Manhattan's High Line Park Officially Kicks Winter to the Curb
It doesn't feel like Spring just yet. But that didn't stop dozens of volunteers at the High Line in Chelsea from welcoming the new season with a few final clips of grass and weeds.
They're also celebrating the end of the Spring Cutback program, for which they spent the past month using nothing but hand tools to trim away excess plants that have grown in the park during this grueling winter.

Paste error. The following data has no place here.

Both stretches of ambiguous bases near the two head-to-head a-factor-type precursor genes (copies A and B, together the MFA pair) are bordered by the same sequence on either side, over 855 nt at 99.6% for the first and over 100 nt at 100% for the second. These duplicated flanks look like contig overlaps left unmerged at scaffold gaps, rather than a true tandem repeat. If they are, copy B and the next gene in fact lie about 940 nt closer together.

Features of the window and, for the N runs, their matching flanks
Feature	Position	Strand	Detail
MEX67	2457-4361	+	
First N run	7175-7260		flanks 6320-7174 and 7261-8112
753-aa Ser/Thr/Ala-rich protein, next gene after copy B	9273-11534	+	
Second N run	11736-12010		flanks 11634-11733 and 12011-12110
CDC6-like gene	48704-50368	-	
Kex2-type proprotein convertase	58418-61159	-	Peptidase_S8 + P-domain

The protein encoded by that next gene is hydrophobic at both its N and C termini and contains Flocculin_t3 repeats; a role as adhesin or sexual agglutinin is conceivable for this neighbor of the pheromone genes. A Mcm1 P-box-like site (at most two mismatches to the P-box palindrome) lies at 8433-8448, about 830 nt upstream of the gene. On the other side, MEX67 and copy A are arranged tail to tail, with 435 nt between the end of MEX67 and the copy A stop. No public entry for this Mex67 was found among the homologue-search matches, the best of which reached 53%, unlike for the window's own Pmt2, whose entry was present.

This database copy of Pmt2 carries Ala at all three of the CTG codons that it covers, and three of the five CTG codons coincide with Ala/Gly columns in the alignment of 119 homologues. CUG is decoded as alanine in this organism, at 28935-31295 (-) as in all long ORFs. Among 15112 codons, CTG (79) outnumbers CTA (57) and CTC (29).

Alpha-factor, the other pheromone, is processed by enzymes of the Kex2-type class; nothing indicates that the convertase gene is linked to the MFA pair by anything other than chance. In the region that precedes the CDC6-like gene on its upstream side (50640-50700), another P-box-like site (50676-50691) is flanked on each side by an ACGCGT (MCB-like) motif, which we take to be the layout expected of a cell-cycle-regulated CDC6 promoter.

Andre Becker's from Greenwich Village. He's got a love for gardening, but he says he volunteers because he can't wait to watch the park come alive.
"Every week it's something different, another flower - and the visitors are great. When you're volunteering here, you hear people from all over the world. They just come up and say, 'Thank you, thank you!' They just love it. It's a great place to be; it's just fun!" he said.
The program's accumulated about 6,000 cubic feet of plant clippings. They'll be turned into compost and recycled back into the environment.